It’s time to start writing your executive resume, or updating it, for a new job search.
This may be your first active job search ever, because you’ve been in demand and easily slid from one job to the next, as your career progressed. You never needed a resume.
Or it could be several years since you’ve dusted off that resume to dive into yet another search.
You know that the purpose of your resume is to attract executive recruiters and hiring authorities at the companies where you’re applying for a job. Your resume should prompt those people to contact you for an interview.
Maybe you know that resumes don’t look or read the way they did even a few years ago.
Maybe you figure that, if you just consult a resume book, you’ll learn how you have to format, write and edit your resume. You may think that things like too many pages, whether or not to use an objective statement, and dealing with employment gaps are your biggest worries.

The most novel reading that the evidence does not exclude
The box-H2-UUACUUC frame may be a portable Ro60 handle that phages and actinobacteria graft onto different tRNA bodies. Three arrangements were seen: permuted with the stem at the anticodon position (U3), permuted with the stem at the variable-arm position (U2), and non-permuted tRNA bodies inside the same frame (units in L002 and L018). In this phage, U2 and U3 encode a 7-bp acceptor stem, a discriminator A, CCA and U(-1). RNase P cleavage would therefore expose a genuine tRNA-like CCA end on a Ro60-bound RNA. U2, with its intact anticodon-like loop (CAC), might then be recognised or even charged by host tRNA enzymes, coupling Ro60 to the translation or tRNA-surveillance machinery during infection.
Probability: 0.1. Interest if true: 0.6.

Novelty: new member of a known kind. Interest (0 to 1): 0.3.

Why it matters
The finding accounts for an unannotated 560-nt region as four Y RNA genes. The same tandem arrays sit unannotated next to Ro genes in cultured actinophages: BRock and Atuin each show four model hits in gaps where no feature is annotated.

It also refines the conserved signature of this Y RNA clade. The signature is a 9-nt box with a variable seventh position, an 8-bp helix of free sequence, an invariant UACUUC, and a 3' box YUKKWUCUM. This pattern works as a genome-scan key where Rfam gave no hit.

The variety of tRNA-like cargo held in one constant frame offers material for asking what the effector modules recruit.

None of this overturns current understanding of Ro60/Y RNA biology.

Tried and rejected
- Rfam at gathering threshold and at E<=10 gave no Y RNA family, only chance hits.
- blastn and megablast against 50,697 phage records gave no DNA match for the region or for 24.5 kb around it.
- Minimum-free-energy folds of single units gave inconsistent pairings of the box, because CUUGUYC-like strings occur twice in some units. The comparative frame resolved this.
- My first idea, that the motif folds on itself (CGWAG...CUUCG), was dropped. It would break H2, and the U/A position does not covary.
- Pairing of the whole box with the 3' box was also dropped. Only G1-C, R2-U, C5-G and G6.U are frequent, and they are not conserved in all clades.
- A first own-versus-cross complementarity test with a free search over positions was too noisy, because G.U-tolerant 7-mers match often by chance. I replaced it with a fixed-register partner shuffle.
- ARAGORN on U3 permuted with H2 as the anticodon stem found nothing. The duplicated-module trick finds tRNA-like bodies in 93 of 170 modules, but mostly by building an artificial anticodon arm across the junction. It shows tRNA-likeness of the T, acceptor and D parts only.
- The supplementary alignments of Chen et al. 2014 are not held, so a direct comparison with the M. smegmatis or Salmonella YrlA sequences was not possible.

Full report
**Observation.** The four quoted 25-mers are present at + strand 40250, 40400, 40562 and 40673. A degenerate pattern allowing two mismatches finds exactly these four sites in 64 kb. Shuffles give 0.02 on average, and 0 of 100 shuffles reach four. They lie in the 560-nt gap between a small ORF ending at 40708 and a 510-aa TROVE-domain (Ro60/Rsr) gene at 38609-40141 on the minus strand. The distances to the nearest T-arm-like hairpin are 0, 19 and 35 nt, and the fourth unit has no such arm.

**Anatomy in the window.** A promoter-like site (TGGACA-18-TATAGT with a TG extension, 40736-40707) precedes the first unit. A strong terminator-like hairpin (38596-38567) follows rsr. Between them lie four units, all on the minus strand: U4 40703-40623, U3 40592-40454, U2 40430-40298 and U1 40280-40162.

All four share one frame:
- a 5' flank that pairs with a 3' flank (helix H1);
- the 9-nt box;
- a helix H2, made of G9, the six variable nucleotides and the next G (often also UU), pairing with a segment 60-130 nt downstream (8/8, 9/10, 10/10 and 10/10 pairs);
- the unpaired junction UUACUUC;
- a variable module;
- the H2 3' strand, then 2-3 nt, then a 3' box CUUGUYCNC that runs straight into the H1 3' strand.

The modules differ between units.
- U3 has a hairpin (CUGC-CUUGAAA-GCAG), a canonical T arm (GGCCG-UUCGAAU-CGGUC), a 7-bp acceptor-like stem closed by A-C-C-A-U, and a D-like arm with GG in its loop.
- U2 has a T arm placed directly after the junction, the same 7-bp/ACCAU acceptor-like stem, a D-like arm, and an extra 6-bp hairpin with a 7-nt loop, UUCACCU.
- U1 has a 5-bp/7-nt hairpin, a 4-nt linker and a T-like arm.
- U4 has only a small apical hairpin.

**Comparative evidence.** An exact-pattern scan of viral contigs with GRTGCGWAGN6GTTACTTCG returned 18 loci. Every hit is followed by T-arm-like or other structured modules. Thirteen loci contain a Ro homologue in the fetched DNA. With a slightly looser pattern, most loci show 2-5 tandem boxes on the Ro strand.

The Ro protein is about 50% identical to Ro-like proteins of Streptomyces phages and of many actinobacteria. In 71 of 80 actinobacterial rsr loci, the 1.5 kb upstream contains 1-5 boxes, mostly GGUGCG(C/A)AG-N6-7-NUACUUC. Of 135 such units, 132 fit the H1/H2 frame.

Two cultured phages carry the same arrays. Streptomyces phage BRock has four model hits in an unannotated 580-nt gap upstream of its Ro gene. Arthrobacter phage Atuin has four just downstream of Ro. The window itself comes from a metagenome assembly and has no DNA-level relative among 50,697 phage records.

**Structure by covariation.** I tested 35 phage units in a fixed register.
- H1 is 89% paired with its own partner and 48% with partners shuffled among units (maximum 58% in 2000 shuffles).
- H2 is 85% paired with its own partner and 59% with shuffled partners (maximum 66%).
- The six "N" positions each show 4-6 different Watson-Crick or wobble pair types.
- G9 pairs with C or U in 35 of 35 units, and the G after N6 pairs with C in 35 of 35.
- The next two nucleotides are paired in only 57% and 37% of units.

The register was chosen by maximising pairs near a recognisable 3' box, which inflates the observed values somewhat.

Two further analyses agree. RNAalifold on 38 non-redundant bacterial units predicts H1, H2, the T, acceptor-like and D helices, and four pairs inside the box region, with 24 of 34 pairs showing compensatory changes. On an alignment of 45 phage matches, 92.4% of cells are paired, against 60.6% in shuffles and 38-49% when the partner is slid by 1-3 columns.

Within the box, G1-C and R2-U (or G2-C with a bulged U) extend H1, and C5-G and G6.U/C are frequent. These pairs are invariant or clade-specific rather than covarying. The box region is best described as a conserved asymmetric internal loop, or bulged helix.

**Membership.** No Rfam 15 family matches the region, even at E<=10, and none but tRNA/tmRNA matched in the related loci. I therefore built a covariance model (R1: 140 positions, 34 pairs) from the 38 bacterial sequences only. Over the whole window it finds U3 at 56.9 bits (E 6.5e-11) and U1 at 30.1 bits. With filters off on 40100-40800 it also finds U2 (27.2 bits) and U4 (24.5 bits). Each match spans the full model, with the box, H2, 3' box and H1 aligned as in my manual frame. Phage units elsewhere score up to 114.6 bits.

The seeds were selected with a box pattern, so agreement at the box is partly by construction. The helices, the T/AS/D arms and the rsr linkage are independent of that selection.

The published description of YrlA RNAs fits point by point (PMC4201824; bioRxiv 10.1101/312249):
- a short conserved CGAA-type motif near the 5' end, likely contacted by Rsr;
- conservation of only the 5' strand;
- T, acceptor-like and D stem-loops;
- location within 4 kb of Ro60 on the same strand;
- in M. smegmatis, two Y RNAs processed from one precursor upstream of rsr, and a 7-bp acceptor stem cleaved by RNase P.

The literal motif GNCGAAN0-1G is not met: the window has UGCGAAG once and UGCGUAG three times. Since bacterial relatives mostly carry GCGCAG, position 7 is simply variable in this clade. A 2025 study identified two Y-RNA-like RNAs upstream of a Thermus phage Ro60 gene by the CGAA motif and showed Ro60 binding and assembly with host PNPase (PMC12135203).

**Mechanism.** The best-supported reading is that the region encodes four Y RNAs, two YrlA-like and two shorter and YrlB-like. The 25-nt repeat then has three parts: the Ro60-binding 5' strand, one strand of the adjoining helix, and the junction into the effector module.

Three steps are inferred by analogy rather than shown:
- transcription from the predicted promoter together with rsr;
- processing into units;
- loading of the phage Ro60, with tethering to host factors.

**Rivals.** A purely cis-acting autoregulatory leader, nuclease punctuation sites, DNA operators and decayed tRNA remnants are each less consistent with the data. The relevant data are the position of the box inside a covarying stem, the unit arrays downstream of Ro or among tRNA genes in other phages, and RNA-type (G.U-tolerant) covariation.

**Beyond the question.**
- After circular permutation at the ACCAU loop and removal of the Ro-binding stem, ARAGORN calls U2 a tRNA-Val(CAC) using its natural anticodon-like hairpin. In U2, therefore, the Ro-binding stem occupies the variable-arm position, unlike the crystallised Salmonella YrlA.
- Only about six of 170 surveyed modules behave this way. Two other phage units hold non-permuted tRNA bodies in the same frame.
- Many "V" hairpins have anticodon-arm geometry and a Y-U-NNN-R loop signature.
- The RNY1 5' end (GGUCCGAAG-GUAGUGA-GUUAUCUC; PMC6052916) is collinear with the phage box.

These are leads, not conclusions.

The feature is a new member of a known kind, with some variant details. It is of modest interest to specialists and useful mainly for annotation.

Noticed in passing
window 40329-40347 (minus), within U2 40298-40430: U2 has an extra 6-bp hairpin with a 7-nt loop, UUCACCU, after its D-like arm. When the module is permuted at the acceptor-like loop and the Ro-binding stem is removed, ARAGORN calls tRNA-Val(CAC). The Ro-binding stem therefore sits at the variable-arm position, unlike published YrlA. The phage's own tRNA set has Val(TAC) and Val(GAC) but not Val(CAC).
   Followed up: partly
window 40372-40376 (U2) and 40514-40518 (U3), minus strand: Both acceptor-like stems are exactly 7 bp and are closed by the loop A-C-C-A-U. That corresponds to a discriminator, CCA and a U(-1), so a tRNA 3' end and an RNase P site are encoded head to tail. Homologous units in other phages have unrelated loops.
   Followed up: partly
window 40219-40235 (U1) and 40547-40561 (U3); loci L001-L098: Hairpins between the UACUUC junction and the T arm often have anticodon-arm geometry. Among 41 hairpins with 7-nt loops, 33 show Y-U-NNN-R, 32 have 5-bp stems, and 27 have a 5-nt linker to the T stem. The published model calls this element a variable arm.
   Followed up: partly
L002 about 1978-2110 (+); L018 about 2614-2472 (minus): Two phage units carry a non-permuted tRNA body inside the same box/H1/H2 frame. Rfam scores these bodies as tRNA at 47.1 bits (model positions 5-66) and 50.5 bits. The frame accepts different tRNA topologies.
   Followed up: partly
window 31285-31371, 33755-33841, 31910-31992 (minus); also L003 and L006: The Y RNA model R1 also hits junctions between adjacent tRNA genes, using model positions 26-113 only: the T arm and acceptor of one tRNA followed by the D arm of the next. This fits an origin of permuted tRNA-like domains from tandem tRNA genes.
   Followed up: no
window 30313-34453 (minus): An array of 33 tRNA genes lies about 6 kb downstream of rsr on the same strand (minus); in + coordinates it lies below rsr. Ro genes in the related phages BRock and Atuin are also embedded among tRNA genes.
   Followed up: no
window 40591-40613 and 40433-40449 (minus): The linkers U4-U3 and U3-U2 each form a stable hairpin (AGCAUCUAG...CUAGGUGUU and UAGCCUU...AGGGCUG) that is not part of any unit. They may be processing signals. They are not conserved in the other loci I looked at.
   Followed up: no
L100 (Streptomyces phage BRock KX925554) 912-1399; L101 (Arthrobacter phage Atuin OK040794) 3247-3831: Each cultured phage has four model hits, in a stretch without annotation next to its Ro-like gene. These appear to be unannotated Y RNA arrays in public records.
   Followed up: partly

Figure out how to handle these kinds of things and you’ll be all set, right?
What you may not understand is that resumes today are more personal branding- and personal marketing-driven than ever before. They are meant to drive home what makes you a good-fit candidate for the companies you’re targeting, and differentiate the unique value you offer over your competition.
Not heeding this imperative is at the crux of poor executive resume writing. That is, resumes that are too generic, fall flat and don’t resonate with anyone. Without knowing who your target audience is and what their needs are for a good-fit candidate, there is no way you can know what information you should (and shouldn’t) put into your resume.
Read more about this biggest executive resume writing mistake at my Executive Career Branding blog.
photo by Drew Coffman